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Visions of Mars: Essays on the Red Planet in Fiction and Science
edited by Howard V. Hendrix, George Slusser and Eric S. Rabkin
McFarland, 220 pages

Visions of Mars: Essays on the Red Planet in Fiction and Science
Howard V. Hendrix
Howard V. Hendrix has a BS in biology, and an MA and Ph.D. in English Literature. He has taught college-level English for over 20 years. His short fiction began appearing in 1986. He is the author of such novels Lightpaths, Standing Wave, and Better Angels.

Howard V. Hendrix Website
ISFDB Bibliography
SF Site Review: Empty Cities of the Moon
SF Site Review: Lightpaths

George Slusser
George Slusser holds a PhD in Comparative Literature from Harvard University. He assumed the Curatorship of the Eaton Collection in 1980, and proceeded to acquire a number of significant collections, through purchase and gift. In 1979, Slusser inaugurated the annual Eaton Conference. To date, 26 conferences have been held, both at UCR, and at host institutions abroad (e.g. the University of London, the Sorbonne, and the University of Hong Kong). In 1990, Slusser was appointed Professor of Comparative Literature. He has authored and/or edited a number of books and articles, mostly on science fiction and problems of science and literature.

ISFDB Bibliography

Eric S. Rabkin
Dr. Eric S. Rabkin is the Arthur F. Thurnau Professor of English Language and Literature at the University of Michigan in Ann Arbor. He earned his bachelor's degree at Cornell University and his Ph.D. at The University of Iowa. He is well known for his large, popular lecture courses on science fiction and fantasy and for his many teaching innovations. His research examines fantasy literature, science fiction, and graphic narrative, among other topics.

Eric S. Rabkin Website
ISFDB Bibliography

Past Feature Reviews
A review by Paul Kincaid

I had, for a while, thought of opening this review with a meditation on Mars as the mirror for Earth. Then I realized, on the one hand, that practically every contributor to this slim volume uses exactly that metaphor, and on the other hand, that it is wrong. Mars is not a mirror for Earth, unless that mirror is wildly distorted. Mars is, more properly, the opposite or the other of Earth; that is, we turn it into the reverse of what we see around us. H.G. Wells, living in the greatest colonial power of his day, turned Mars into a power that colonized England; Edgar Rice Burroughs, living a relatively sedate and colourless life, turned Mars into a place of exotic adventure; Ray Bradbury, in Eisenhower's America of spreading suburbia and consumer goods, turned Mars into a place where suburbia was itself a threat; Kim Stanley Robinson, immersed in the knowledge of what humankind has done to this planet, turned Mars into a planet that humankind could transform for the better.

This is not the whole story, not by any means, our visions of Mars are subtle and complex, and have changed repeatedly over the years. It is, after all, not just a close neighbour but also the planet about which we have been able to learn most, there is a familiarity to Mars that cannot really be said about anywhere else in the solar system other than the moon. There is also something tantalizing about the place, and has been ever since Giovanni Schiaparelli first identified canali or channels on the surface of the planet in 1877. When Percival Lowell mistook canali for canale, canals, at a time when other astronomers were observing what they claimed was a greenish colour that changed with the seasons, then Mars became the true other for Earth, a place where there was life. Moreover, life that was not Earthborn, Earthbred, Earthbound.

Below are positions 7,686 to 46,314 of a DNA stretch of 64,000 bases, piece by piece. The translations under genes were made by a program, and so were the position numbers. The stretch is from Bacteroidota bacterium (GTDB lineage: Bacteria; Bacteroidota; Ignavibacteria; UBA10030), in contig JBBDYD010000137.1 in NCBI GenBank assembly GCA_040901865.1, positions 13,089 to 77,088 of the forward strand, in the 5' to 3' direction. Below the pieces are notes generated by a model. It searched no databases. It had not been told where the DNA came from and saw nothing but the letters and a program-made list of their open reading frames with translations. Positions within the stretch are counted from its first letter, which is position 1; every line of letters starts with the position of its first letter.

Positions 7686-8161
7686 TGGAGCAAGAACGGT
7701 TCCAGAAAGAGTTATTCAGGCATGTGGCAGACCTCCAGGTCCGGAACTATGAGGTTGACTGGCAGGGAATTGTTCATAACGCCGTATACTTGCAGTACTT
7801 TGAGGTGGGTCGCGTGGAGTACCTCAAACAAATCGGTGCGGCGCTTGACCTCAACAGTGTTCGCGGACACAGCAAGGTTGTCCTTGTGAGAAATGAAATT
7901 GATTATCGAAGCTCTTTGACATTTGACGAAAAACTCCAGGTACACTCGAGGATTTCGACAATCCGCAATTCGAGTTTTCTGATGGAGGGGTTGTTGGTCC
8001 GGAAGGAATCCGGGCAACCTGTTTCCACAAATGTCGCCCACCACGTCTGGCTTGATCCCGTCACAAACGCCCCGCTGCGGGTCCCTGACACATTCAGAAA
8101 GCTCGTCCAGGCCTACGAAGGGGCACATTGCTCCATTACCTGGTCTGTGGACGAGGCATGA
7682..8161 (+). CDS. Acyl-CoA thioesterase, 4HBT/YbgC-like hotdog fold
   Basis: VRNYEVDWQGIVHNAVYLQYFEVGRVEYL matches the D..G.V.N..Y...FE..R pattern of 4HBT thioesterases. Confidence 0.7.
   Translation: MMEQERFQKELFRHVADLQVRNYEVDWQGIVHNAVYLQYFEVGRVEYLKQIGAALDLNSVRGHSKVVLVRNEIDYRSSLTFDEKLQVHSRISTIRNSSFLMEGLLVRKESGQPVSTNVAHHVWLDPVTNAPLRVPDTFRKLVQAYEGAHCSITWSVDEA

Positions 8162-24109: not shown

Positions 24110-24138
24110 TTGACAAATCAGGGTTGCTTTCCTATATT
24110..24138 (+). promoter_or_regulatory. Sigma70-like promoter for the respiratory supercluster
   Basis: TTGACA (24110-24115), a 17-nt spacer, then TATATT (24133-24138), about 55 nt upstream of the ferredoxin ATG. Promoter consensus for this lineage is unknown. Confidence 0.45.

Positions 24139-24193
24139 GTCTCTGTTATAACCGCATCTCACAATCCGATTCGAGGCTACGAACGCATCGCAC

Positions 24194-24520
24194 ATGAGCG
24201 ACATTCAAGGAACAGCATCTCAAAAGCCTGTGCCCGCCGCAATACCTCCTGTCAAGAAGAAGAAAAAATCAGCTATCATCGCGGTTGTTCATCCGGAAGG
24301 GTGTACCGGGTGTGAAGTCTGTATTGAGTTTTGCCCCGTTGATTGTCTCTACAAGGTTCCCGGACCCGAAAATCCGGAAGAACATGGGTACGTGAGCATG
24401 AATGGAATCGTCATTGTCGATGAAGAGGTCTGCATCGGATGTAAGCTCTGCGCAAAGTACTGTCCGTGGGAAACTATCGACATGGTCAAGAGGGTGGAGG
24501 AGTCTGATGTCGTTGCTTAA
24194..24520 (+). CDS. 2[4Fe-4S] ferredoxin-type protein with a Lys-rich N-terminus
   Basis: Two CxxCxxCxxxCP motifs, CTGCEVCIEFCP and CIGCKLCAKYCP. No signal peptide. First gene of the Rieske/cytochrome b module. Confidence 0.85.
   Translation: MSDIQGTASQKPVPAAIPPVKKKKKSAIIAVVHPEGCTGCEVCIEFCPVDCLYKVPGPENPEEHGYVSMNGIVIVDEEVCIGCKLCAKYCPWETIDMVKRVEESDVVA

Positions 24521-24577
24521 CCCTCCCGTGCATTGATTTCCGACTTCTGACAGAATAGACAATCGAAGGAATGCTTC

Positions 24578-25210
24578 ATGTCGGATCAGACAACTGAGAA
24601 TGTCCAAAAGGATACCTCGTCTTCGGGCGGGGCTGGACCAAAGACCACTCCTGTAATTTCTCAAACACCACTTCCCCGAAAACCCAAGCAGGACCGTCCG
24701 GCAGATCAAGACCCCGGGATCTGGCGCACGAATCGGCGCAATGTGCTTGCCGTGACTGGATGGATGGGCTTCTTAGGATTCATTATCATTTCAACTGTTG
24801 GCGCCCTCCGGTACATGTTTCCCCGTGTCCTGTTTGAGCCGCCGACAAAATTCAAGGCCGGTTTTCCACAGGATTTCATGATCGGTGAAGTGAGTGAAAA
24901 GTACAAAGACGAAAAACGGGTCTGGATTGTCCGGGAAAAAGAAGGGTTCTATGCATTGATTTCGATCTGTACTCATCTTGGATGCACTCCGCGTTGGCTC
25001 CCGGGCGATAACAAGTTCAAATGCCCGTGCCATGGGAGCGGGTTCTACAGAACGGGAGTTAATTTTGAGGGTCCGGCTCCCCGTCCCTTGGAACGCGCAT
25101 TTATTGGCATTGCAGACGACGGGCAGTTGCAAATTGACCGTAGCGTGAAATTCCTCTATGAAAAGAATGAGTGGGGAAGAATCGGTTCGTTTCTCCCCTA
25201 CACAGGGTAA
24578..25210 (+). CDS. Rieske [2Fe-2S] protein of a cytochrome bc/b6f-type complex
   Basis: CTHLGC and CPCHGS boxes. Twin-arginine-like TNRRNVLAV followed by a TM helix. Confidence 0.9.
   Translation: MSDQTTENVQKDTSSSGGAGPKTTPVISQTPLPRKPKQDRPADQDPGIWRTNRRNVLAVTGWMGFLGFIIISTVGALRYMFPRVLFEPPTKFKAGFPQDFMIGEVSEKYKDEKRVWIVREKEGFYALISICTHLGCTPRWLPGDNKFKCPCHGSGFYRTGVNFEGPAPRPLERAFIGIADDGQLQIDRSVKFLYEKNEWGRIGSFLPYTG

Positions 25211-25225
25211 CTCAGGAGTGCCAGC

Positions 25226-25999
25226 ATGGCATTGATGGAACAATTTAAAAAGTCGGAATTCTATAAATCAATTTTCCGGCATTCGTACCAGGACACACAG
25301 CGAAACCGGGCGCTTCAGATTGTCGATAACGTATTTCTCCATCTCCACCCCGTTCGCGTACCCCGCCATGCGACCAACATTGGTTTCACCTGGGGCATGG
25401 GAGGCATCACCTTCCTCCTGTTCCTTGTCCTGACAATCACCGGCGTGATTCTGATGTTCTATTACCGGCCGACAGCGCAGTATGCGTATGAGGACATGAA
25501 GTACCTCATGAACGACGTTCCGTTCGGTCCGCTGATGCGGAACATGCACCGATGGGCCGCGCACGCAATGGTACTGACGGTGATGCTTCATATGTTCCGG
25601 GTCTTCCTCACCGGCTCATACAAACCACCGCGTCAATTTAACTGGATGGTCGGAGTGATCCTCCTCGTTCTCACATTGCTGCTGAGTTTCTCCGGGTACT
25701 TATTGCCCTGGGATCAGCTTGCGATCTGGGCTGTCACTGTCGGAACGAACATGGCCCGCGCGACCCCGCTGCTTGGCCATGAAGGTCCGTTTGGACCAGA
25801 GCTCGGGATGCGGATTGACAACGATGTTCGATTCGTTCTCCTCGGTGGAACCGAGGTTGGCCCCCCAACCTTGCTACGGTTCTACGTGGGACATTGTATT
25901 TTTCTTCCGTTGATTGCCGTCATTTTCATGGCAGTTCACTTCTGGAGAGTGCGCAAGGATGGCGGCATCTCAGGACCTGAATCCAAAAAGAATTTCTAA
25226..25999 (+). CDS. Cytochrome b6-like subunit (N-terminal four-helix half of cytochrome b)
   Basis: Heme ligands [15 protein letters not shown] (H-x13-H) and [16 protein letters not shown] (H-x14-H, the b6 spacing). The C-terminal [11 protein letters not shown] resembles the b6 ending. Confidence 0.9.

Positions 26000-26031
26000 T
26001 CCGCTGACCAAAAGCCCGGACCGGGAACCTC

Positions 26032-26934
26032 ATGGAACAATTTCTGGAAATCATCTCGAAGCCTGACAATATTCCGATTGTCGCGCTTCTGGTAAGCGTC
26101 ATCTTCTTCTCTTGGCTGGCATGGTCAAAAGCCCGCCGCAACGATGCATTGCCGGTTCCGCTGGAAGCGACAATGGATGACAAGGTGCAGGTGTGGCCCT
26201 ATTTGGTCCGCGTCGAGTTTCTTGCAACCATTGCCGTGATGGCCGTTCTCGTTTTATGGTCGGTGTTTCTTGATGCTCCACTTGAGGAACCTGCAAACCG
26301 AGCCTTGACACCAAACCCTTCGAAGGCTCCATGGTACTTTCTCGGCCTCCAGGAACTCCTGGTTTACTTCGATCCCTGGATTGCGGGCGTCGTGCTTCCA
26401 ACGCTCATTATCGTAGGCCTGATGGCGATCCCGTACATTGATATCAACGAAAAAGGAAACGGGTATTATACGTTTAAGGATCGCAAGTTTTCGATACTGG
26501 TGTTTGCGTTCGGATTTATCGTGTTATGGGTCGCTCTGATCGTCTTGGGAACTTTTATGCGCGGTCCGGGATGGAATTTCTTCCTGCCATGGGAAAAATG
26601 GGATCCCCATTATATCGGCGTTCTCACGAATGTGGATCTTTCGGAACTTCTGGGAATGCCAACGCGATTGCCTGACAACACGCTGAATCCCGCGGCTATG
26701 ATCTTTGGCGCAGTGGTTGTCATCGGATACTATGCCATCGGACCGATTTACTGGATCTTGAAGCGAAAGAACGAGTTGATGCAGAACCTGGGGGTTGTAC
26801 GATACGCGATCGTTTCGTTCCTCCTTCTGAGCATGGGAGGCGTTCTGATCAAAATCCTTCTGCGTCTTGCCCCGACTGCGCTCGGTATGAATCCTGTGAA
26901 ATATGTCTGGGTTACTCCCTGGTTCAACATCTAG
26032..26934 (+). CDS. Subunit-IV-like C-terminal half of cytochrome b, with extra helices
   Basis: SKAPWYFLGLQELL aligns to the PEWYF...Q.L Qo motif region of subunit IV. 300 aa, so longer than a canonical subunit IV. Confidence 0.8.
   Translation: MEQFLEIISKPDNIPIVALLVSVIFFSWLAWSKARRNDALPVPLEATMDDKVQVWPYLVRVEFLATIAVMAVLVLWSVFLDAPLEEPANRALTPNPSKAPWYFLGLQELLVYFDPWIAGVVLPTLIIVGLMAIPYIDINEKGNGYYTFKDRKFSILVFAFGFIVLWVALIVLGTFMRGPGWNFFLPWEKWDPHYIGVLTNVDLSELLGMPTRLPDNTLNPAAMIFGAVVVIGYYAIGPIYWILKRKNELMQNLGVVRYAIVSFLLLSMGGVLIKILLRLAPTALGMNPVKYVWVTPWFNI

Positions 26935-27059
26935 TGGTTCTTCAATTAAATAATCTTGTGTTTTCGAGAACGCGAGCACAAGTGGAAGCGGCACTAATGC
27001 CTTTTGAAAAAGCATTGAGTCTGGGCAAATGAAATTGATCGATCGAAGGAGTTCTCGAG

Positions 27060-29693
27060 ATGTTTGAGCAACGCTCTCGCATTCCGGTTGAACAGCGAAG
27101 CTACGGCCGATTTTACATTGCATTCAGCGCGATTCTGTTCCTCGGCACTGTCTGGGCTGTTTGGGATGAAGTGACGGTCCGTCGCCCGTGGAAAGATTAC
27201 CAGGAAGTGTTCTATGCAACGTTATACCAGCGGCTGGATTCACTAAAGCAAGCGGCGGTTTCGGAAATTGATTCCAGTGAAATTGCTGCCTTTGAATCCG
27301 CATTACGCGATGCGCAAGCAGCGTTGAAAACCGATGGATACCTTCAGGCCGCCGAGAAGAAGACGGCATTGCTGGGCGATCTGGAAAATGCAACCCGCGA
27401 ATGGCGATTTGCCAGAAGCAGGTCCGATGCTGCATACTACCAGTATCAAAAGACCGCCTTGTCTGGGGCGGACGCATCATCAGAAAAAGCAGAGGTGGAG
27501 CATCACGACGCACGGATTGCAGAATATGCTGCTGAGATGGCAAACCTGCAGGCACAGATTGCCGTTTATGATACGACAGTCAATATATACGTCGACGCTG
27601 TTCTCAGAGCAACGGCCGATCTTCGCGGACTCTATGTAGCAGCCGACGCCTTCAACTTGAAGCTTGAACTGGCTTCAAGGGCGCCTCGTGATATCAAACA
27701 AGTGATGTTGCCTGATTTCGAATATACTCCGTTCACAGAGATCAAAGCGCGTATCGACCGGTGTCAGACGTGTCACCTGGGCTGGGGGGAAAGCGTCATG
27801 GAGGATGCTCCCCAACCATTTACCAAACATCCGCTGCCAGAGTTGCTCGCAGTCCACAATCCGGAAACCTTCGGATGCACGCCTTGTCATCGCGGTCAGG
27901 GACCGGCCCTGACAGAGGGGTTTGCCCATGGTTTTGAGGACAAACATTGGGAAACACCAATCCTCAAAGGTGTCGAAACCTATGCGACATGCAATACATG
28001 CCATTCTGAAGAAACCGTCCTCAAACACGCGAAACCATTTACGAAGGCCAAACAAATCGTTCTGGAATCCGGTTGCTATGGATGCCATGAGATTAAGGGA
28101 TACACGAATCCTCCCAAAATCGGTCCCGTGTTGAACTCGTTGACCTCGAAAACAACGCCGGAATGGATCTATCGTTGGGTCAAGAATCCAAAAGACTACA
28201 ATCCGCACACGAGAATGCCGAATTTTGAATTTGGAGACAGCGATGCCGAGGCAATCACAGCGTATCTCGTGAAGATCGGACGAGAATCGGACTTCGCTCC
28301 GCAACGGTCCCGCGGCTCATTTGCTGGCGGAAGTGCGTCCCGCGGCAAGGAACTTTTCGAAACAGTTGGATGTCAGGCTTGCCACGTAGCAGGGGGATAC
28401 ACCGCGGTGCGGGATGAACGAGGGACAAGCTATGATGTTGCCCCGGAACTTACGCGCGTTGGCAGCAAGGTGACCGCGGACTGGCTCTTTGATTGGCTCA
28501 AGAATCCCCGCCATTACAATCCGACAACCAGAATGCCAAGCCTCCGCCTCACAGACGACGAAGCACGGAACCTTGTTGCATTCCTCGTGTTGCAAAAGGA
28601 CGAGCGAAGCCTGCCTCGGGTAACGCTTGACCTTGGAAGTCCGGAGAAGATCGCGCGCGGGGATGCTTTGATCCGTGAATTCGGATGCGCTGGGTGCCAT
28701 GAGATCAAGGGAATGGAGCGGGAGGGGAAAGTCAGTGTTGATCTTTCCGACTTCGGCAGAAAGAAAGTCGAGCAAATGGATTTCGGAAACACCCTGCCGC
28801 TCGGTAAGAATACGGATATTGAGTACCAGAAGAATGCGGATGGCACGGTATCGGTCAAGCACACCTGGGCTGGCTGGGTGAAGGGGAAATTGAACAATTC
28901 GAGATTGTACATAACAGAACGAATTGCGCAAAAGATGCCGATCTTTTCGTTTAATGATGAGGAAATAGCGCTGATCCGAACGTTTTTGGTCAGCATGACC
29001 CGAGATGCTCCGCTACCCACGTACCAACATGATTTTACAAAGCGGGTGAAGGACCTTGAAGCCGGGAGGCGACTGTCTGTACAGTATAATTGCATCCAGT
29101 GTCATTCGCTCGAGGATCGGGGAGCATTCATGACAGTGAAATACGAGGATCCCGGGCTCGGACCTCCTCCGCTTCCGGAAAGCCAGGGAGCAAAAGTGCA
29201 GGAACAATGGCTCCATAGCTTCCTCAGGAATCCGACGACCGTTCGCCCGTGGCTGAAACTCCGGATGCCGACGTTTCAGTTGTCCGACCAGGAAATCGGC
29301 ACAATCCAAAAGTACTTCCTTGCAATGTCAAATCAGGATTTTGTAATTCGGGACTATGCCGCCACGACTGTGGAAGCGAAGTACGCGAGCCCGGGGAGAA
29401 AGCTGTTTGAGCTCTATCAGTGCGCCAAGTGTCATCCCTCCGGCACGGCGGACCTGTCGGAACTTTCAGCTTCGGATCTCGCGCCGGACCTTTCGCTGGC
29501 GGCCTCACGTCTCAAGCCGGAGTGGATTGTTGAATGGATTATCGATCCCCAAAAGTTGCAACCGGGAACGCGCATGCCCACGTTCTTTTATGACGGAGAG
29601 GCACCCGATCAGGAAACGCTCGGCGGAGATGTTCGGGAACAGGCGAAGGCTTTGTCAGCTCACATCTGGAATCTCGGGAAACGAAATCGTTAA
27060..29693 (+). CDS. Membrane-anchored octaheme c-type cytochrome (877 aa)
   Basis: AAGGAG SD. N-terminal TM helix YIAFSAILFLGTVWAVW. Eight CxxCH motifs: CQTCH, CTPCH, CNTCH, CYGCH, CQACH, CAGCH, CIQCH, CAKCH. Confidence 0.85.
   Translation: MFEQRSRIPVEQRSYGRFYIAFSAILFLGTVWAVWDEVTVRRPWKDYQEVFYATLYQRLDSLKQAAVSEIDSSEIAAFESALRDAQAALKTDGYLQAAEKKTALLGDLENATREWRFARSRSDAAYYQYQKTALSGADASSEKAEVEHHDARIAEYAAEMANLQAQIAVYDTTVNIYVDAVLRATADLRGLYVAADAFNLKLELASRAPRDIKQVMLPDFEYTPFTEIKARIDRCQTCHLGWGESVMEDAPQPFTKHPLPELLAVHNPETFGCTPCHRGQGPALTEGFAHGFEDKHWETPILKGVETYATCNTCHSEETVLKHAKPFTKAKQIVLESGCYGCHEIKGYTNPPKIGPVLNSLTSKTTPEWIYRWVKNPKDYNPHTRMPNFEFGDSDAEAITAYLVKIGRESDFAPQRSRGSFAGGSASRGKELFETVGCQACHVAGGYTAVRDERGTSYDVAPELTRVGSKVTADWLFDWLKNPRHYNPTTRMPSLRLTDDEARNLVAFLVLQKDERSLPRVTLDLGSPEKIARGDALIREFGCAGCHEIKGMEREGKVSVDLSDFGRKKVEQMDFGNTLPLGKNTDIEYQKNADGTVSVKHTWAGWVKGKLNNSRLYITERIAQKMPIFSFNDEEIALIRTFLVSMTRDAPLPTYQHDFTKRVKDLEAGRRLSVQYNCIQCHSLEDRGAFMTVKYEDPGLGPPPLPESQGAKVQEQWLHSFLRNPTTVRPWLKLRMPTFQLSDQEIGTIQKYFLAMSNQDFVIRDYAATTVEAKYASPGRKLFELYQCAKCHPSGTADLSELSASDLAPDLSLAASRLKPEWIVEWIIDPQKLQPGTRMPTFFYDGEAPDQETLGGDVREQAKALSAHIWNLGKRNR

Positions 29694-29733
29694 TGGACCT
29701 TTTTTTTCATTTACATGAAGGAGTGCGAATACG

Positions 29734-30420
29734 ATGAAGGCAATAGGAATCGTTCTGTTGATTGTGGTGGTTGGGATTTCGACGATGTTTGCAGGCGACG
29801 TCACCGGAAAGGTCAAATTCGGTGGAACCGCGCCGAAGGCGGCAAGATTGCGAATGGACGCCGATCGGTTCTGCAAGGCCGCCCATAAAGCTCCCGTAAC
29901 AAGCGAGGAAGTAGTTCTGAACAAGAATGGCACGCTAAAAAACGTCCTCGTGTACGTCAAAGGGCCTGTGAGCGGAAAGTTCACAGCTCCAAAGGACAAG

It does not matter that other astronomers failed to find any sort of lines criss-crossing the Martian deserts, still less any hint of that greenish colour. It does not matter that as early as 1907 Alfred Russell Wallace was pointing out how inhospitable to life Mars must be. We had a locus for life beyond our world, and thus it remained despite all the scientific reports and Mars landers to the contrary. Curiously, the latest scientific thinking is coming back to the notion that there is life on Mars, though of a very different sort to how we used to imagine it. And we seize upon these unproven hints and suggestions as eagerly as we ever seized upon the canals of a dying world. We want, perhaps we even need, Mars to carry life, whatever form it might take. I suspect, sometimes, that we would welcome Wellsian conquerors more readily than a lump of rock that has been barren throughout all eternity.

All of this does reflect Earth, inevitably so since we only have this one planet as the basis for any comparisons we might wish to make, but Mars is not so much the mirror of our imaginations as the twin, the place that is maddeningly like yet infuriatingly unlike us. And it is as this other that Mars has most frequently been presented to us through the medium of fiction. It is a presentation that owes something to science, since it was only after Schiaparelli and Lovell first raised the suggestion of a living world that the planet a locus for fiction. But once its potential for fiction was established, most writers have paid precious little attention to the state of scientific knowledge about the place.